Tidelift for five packages I maintain
Since December, several of my open source packages have been “lifted” on Tidelift. This means that Tidelift are paying me a portion of their subscription fee for continued, standardized maintenance of these packages. These funds are very appreciated, so thanks to Tidelift subscribers .
The five packages that are now “lifted” are:
Support for Cross-Origin Resource Sharing (CORS) in Django.
I took over maintenance of this package in 2016 from its creator, Otto Yiu. 18% of Django developers rank it in their 5 favourite third party packages, according to the Django Developer Survey 2021.
Extensions to Django for use with MySQL/MariaDB.
This is my original Django package. Its existence is what prompted Josh Smeaton to invite me become a “Django core developer” and take a more active role in Django itself 😊. I’m glad that others are still finding it useful. Its faster database cache is something I’d like to extend to other database backends.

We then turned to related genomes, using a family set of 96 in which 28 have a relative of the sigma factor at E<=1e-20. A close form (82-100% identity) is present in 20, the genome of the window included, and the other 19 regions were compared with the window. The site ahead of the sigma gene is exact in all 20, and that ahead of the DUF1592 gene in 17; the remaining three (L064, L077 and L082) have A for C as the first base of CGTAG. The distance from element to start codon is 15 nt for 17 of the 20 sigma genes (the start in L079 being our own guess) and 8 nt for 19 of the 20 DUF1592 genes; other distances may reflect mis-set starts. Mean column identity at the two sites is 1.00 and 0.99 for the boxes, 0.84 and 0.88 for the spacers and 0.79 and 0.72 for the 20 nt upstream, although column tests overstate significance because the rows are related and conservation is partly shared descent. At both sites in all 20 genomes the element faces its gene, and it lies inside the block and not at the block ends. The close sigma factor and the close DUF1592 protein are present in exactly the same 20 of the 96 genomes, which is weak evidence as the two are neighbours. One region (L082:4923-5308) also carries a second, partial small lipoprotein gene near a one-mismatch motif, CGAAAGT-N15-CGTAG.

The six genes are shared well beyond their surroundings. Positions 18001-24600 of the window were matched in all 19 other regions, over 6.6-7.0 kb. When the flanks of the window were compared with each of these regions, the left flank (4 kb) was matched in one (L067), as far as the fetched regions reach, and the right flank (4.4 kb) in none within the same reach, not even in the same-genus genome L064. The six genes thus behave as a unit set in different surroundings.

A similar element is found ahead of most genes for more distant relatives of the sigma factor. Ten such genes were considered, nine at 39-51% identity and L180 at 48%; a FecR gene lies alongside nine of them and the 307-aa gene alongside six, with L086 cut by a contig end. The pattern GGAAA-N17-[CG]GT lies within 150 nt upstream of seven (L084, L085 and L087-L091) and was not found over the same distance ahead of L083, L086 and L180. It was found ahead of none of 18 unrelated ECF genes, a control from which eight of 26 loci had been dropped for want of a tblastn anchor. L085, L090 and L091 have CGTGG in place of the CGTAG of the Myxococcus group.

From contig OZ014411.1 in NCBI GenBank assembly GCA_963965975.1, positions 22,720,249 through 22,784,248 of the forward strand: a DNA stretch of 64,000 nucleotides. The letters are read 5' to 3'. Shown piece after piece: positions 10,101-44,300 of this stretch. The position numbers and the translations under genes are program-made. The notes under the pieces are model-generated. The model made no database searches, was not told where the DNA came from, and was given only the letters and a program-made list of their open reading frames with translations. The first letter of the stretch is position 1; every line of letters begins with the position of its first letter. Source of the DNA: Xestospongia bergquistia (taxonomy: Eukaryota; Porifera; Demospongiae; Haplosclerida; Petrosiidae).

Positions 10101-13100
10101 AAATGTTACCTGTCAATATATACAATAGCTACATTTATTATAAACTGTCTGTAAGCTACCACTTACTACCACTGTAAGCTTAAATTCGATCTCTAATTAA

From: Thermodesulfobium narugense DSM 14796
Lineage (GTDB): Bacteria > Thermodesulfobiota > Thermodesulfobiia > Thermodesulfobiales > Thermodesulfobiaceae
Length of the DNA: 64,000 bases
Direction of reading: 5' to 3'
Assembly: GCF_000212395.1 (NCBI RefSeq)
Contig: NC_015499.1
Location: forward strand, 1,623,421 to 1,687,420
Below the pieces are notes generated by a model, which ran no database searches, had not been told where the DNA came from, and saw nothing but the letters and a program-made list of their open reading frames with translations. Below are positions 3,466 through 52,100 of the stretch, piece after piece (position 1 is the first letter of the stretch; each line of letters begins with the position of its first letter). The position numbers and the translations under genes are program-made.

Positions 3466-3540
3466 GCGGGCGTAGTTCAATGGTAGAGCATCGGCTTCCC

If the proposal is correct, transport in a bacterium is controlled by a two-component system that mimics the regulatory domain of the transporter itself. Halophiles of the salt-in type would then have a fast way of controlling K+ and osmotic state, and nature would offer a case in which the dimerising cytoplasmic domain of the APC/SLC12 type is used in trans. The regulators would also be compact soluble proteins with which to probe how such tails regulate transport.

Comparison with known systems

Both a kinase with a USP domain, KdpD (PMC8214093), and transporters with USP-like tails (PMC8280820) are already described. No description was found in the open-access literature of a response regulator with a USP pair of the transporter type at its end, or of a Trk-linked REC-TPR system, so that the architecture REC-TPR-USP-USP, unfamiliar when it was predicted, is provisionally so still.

An easy interface to query the EC2 metadata API, with caching.
I created this to fill in a gap in AWS’ packages: the original boto had a metadata API interafce, whilst its replacement boto3 does not. It seems it has some popularity, more than I expected, for those automating things on EC2.
Travel through time in your tests.
I created this testing library back in 2020 as a faster replacement for “freezegun”. It’s not as popular (yet) but I’m glad to see it has enough usage to be “lifted”.
Radically simplified static file serving for Python web apps.
Whitenoise was created by Dave Evans in 2013 and has improved static files for many Django apps since. I was added as a maintainer in 2022, and I got to start making many updates and releasing version 6. I’m glad to say that Dave and I are splitting the Tidelift income 50/50.
Tidelift is paying their minimum tier for each package, $100/month. With a 50% split on Whitenoise, this means Adam’s Web Services is now making $450/month for open source maintenance 😀. This isn’t quite as much as one day of client work, but it definitely helps to me to justify spending time on open source.
So if your organization wants to support open source packages further, do check out Tidelift. Or if you want to support me directly, you can always buy a book or two.
If your Django project’s long test runs bore you, I wrote a book that can help.
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